The Man in the High Castle and Catering to Your Audience
The Man in the High Castle has been a smash hit for Amazon Studios, and some of us at SLS Consulting really enjoyed the online series in our off hours. For SLS Book Club, what could have been a better choice than the 1962 novel the show is based on? It satisfied the purists who insist “the book is always better!”
Turns out, the show doesn’t have that much in common with the original book. But…we don’t think the show was worse.
That brings us to lesson three of Marketing Lessons from Book Club: sometimes, you have to edit the “original” to reach a wider audience. Read the rest »
The Hitchhiker’s Guide to the Galaxy and How NOT to Market
The book club at SLS Consulting brings together diverse tastes that have one thing in common – a love for the written word. Given the range of interests and preferences, it comes as no surprise that the reading selections show incredible variety and include a wide range of subjects, genres, and styles.
Having read The Basketball Diaries by Jim Carroll the month before, picking up The Hitchhiker’s Guide to the Galaxy by Douglas Adams right after was the kind of shift in tone that might give a reader whiplash! Where The Basketball Diaries was a dark and self-reflective memoir, firmly based in a brutal reality, The Hitchhiker’s Guide to the Galaxy was a chaotic and humorous space adventure whose author seemed to be on a mission to subvert every expectation and literary convention – reality was not a factor in this story.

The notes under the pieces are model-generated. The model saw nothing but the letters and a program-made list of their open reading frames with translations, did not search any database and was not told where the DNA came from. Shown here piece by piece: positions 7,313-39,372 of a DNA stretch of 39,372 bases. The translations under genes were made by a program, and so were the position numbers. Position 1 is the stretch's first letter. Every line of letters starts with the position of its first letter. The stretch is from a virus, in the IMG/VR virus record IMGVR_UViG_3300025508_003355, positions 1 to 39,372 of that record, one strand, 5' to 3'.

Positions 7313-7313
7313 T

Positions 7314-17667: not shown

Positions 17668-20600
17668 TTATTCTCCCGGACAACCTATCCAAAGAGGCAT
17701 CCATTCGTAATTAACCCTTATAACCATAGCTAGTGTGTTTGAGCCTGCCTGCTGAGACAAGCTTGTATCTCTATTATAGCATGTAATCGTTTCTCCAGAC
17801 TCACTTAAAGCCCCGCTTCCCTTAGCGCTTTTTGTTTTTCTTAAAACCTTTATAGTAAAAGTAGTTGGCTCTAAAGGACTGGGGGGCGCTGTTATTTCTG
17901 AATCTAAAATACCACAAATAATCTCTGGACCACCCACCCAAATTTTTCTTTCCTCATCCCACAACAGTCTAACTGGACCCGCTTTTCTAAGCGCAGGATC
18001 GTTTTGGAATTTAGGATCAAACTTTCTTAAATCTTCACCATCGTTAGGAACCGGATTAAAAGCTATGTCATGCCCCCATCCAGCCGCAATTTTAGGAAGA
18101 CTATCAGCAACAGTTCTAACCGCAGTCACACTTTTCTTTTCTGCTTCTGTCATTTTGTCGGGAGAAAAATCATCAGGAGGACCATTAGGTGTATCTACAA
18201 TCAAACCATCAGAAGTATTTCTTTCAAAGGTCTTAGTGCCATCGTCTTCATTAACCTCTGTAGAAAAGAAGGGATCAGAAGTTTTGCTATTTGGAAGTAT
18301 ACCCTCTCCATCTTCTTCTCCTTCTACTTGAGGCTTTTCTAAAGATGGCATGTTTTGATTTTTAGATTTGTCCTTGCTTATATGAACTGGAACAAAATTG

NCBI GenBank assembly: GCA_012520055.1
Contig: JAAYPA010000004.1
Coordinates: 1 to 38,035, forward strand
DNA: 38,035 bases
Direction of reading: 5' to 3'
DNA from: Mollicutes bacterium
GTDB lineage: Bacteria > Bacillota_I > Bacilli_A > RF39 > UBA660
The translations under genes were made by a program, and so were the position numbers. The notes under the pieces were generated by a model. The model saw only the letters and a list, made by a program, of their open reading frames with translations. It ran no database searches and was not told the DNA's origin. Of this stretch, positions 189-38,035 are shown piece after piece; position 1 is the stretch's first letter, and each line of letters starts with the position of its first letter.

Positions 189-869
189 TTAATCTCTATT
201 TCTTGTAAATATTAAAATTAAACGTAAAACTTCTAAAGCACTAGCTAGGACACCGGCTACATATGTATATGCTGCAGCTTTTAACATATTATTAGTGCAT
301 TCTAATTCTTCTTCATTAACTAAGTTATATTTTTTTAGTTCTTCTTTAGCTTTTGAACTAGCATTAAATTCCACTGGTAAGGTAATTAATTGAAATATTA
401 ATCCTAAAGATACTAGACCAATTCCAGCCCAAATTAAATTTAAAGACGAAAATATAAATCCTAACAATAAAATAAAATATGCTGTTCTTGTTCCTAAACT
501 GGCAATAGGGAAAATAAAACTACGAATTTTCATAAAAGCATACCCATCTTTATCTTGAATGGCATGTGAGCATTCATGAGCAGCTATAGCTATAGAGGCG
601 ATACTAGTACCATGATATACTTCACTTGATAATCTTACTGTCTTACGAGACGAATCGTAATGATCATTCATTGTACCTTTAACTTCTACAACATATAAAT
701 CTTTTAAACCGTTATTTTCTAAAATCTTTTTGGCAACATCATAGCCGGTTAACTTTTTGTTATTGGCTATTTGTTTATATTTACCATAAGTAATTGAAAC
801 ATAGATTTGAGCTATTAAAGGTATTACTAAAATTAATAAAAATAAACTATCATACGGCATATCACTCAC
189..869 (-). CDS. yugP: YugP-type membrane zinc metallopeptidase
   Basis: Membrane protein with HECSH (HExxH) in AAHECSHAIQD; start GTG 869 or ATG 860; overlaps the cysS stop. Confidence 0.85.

What kind of marketing lessons could possibly be gleaned from such an absurd book?
We’re so glad you asked… Read the rest »
The Basketball Diaries and Finding Your Voice
Most of us in the SLS Consulting office are avid readers. So in July 2017, we started an office book club. Each book club member (going alphabetically by first name) had to suggest a book we would all read…or at least, chat about. Books had to be about 300 pages or under, and we would meet once a month to discuss them. So far, the genres we’ve read have included gritty realism, social commentary, comic science fiction, British “whodunit,” 1960s dystopian fiction, and magical realism. This is the first of a series of SLS blogs in which we take what we learned from a book club book and apply it to marketing.
The first book we read was The Basketball Diaries by lauded punk poet and singer-songwriter Jim Carroll. The book is made up of actual diary entries the author made from ages 12 to 15, a period spanning, roughly, 1963 to 1966. These entries chronicle the adventures and misadventures of a basketball prodigy coming of age on the mean streets of New York City during a very turbulent time. The book portrays the young athlete’s descent into drug addiction, while also finding his voice as a writer. It is not for the squeamish, and might be described as “postcards from A Season in Hell,” in reference to the original punk poet, Arthur Rimbaud.
What could we learn about marketing from such a non-marketing book? Read the rest »